While en route to face the University of Louisiana Monroe, head coach Peejay Brun received a phone call informing the team that the series against the Warhawks had been canceled.
The team bus made a U-turn and headed back to Arlington, everyone uncertain of the future.
Shortly after arriving on campus, the team learned that the rest of its season would be canceled.
“I don't think that there was anything that we could have said to make it easier,” assistant coach Miranda Kramer said. “I think the best thing that all of us could have offered at that point was help for them and clarity and trying our best just to be a support for them.”
For the next seven hours, they gathered in the outfield at Allan Saxe Field to soak it all in — in the same place they had battled together all season.
“It was hard. There was a lot of tears being shed out there,” Brun said. “A lot of shock, and for a while there, we were really just sitting in a circle not even knowing what to do or what to say and just kind of just being there for each other.“
As the team looks forward to the next season, Brun said she won't pressure any of the seven seniors on claiming an additional year of eligibility.
“They had their expectations of their lives moving on, they had plans, and it's a struggle to figure out. Do you want to draw it out? Or was this a sign and just hang it up?” Brun said.
With it all under wraps, Brun goes back to that final day in the outfield to describe the true merits of the 2019-20 softball season.
“It wasn't a perfect season, but I absolutely loved the way the season went,” Brun said. “I saw how we changed, and for what the world was having to go through, [and] what we're going through now, I really feel like it was at least a perfect day to end on.”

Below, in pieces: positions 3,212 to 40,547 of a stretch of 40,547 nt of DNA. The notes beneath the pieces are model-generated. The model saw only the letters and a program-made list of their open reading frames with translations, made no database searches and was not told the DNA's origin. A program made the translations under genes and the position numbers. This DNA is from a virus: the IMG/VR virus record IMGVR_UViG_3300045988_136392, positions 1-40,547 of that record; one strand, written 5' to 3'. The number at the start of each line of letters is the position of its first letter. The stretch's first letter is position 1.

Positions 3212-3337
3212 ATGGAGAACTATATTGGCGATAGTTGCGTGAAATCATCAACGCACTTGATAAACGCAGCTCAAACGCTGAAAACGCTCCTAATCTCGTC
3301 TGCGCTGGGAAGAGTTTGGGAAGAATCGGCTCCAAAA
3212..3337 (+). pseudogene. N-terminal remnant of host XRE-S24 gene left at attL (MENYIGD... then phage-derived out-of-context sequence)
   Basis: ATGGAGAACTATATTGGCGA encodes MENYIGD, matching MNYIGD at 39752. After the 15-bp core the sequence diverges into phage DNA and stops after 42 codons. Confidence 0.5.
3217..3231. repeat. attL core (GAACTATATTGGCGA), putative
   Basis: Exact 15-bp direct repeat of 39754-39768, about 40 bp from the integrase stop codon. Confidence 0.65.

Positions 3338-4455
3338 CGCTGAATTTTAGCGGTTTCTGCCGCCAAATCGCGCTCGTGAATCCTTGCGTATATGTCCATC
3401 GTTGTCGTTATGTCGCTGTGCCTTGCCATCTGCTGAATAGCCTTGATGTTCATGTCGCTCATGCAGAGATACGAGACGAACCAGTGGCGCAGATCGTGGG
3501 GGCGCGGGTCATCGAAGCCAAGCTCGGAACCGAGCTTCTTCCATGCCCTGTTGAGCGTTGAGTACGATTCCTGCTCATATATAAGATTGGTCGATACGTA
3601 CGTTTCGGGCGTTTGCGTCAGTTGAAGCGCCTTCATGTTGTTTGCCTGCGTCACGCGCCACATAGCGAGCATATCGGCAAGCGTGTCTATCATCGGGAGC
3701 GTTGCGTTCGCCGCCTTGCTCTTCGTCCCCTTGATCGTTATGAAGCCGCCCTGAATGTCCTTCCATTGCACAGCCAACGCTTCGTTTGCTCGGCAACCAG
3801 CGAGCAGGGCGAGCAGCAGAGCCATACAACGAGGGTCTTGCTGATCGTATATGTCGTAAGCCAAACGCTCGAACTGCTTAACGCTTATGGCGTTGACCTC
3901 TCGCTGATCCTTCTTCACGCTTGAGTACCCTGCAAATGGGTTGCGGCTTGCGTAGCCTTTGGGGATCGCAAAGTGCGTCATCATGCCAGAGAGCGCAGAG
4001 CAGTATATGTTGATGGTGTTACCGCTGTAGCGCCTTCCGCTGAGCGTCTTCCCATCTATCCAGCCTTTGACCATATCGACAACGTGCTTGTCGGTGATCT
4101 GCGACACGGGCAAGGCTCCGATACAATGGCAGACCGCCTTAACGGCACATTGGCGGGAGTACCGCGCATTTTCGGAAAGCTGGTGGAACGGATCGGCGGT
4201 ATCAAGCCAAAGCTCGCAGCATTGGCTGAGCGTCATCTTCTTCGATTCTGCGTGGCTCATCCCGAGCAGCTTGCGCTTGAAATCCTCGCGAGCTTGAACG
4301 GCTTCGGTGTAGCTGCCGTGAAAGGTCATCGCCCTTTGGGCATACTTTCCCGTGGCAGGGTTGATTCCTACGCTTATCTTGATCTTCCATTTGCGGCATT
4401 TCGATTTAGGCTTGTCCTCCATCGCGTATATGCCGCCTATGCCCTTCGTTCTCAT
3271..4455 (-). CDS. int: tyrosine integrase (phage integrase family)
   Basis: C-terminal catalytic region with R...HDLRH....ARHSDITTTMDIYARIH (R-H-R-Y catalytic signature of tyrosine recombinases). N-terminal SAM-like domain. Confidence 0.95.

The baseball team was near Texarkana when it got the call to come back home. The Mavericks were supposed to be preparing for their conference opener against the University of Arkansas at Little Rock.
They got back, had a team meeting on Friday and planned to meet again on Monday.
“By the weekend we were told they all needed to try to go home because everything was going to be online,” head coach Darin Thomas said.
Before the season ended abruptly, Thomas was coaching a seasoned 12-4 squad that was off to its best start in almost two decades. They ranked as high as No. 4 in RPI, they had a strong defense and the pitching was as good as it's ever been, Thomas said.
“That all adds up to a good ballclub,” he said. “It didn’t matter who we played, we had a shot.”
Thomas said the NCAA granting athletes an extra year of eligibility benefits veteran teams like UTA. With 13 seniors on the roster, he said most of them have indicated that they want to return for a fifth year.
A lot of value can come in a year of playing college baseball, he said. That additional season could potentially help players' chances in the MLB Draft.
Movin’ Mavs and Lady Movin’ Mavs
Instead of preparing for a trip to nationals in Wichita, Kansas, the Movin’ Mavs held a morning team meeting in the Physical Education Building.
A week before its scheduled start, the NWBA canceled the 2020 National Intercollegiate Wheelchair Basketball Tournament because of the coronavirus pandemic.
The Movin’ Mavs were set to be the tournament’s No. 1 seed, with a ninth national title in sight.
“What they did this season was very magical,” head coach Doug Garner said. “I didn't want them to let anything else take away from what they had put into the season and gotten out of the season.”
UTA finished the regular season with a 22-1 record. The Movin’ Mavs defeated opponents by a victory margin of 35 points and their only loss of the season came against the Dallas Wheelchair Mavericks.
UTA went 14-0 in conference play, marking the first undefeated run in 15 years.
The Lady Movin’ Mavs were on their way to claim the second seed in the women’s tournament, something they planned their season around.
“I think it’s really sad that we don’t get to see where this team would have gone,” said Jason Nelms, Lady Movin’ Mavs head coach.
With the season over, Nelms’ focus is usually on recruiting, but the pandemic could delay some things. Campus visits from international recruits have been canceled, and uncertainty looms.